Zen On Dirt

Sharing is caring


I’ve been having a conversation with myself recently centered around the question of ‘What would you do if no one was watching?’

Obviously, social media and blogs can have a profound effect on lives and what people choose to do. I’ve been maintaining one blog or another for nearly a decade now and The FaceBook tells me that I also joined in 2004, though it doesn’t seem like I actually did anything with it until several years later. That’s a decade of public broadcasting of my activities, censored, of course, knowing that my parents read it, and really, they don’t have to know some of the situations I’ve gotten myself into over the years.


Of course, we could argue the benefits and detriments of social media until Scott learns to like beer (never), but I’ve definitely used it as inspiration to do some of the things I do.

I like doing cool shit and then telling a story about it.

I like it when other people do cool shit and then come back and write about it and make me want to go do cool shit.

Of course, the negative side of this is that there’s a line of doing things because we want to and doing it because we want to go home and have a story to tell.

So I’ve spent some time thinking, ‘If I took an Internet hiatus and stopped writing, what would I do?’


This, of course, was spawned from having a million ideas of what I want to do in the next 12 months and having no clear frontrunner.

But after some pondering, the question sort of reframed itself: What would you do if you didn’t care if you failed?

Nobody likes to fail in the public eye.

Enter running. Scott was the instigator of this one because, apparently, he doesn’t really feel like riding his bike all that much these days either.

I suck at running. The fastest mile I’ve ever run is 8:15 in highschool. I thought I was pretty quick. But all in all, I’m slow, I’m uncoordinated, I dawdle when I walk, and I trip all over myself, especially downhill. Dying moose. I’d say I resemble a dying moose.

But the beauty of it is, I’m fully okay with sucking. I don’t care if people look at me and say, ‘Ooh, she should probably stop because that just looks painful and she’s going to knock all her teeth out when she trips over that rock.’ There is absolutely no ego attachment to my running shoes.


And right now, for me, that’s awesome because I don’t feel like any one expects anything from me in the form of a good adventure and a good story. I don’t expect anything from me. I don’t need to go ride the CDT to feel like I did something cool, going out and running 3 miles on the backyard trails at under a 10 min/mile pace was HUGE!

So I think I’m going to run for a while. Take some pictures. And hopefully be able to tell some good stories. Because I like sharing. And I think running could take me to some really cool places where I have no desire to drag my bike to.


5 thoughts on “Sharing is caring

  1. See … this is how it starts.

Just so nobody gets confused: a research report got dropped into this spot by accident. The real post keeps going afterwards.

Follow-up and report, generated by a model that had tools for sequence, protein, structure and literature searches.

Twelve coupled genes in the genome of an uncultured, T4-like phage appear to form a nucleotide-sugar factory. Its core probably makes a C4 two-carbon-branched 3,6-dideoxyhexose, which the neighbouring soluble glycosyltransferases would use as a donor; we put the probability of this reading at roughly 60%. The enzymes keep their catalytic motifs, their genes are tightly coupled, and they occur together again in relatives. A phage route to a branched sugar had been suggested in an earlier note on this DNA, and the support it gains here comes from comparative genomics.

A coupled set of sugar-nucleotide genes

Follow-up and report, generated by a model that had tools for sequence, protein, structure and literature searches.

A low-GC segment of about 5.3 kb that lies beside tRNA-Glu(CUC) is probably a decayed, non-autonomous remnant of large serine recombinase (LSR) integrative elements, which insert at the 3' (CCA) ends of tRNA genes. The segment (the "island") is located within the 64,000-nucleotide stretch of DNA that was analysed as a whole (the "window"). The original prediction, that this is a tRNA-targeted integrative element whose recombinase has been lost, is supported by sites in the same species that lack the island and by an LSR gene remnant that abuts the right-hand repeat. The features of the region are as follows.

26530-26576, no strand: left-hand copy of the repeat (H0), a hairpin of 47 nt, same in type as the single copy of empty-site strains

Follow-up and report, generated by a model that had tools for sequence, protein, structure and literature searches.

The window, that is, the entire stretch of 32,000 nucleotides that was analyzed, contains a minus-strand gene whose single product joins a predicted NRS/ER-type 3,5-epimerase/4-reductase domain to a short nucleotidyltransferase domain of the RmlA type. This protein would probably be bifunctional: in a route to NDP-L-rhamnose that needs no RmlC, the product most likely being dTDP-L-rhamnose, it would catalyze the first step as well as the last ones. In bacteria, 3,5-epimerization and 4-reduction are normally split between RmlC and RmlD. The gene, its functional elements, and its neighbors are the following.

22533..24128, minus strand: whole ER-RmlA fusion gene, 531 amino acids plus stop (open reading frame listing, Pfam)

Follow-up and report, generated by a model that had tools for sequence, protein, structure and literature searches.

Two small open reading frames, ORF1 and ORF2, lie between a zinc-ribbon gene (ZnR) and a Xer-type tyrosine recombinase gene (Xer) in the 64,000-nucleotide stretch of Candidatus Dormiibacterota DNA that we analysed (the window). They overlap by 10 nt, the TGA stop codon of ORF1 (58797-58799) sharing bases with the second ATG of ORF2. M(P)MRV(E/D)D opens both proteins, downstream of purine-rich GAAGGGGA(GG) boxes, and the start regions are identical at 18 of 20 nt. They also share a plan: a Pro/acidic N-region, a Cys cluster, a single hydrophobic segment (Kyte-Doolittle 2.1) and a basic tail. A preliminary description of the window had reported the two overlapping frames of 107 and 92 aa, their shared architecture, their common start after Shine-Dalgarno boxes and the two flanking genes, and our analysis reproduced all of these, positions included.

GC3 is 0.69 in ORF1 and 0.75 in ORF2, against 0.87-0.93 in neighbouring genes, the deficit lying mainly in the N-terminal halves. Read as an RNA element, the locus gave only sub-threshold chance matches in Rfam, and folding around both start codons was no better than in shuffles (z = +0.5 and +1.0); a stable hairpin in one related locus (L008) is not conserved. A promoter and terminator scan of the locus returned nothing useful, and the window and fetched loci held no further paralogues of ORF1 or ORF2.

2. You could hike the entire Pacific Crest Trail next season…. That would keep you off the bike for months. It might be a good way to see if the bike love comes back and stuff.

  3. Ooh, new adventures! One of the things I love most about running is that you (I) can go out and get in a good workout in a half hour. If I don’t ride my bike for at least an hour it seems almost like a waste of time. Looking forward to hearing about what comes next. And for me, I enjoy your stories regardless of the ending. Fail or succeed, you tell a good story and spread inspiration.

  4. About 6 years ago, after 20 years of bike racing, I started running again. I was a sprinter in high school, 100-200 meters. Anything over 1 miles was long distance to me. Got burnt on racing bikes, started doing some 5Ks then 10Ks, then a 1/2 marathon, then another. Now I’ve been doing both road and off road duathlons for a few years.
    I love riding my bike, I run when time is crunched and I want a good workout. Good luck with the new venture. Took me about 3 years to get to the point where I wasn’t super sore the day after every run.

  5. You like mountains, Aleister liked mountains….

    “I meant to tell mankind about a new state about which I could tell little or nothing, to teach them to tread a long and lonely path which might or might not lead thither, to bid them dare encounter all possible perils of nature unknown, to abandon all their settled manners of living and cut themselves off from their past and their environment, and to attempt a quixotic adventure with no resources beyond their native strength and sagacity. I had done it myself and found not only that the pearl of great price was worth far more than I possessed, but also that the very peril and privations of the quest were themselves my dearest memories. I was certain of this at least: that nothing in the world except this would be worth doing.”

    Living outside the comfort zone has always been my most cherished moments in life. You seem pretty good at that. Maintain the zone and step it up with an endeavor that is foreign. The clumsy feeling is one to adore, laugh with and learn hella from, eh?

    You gotta a good blog going on

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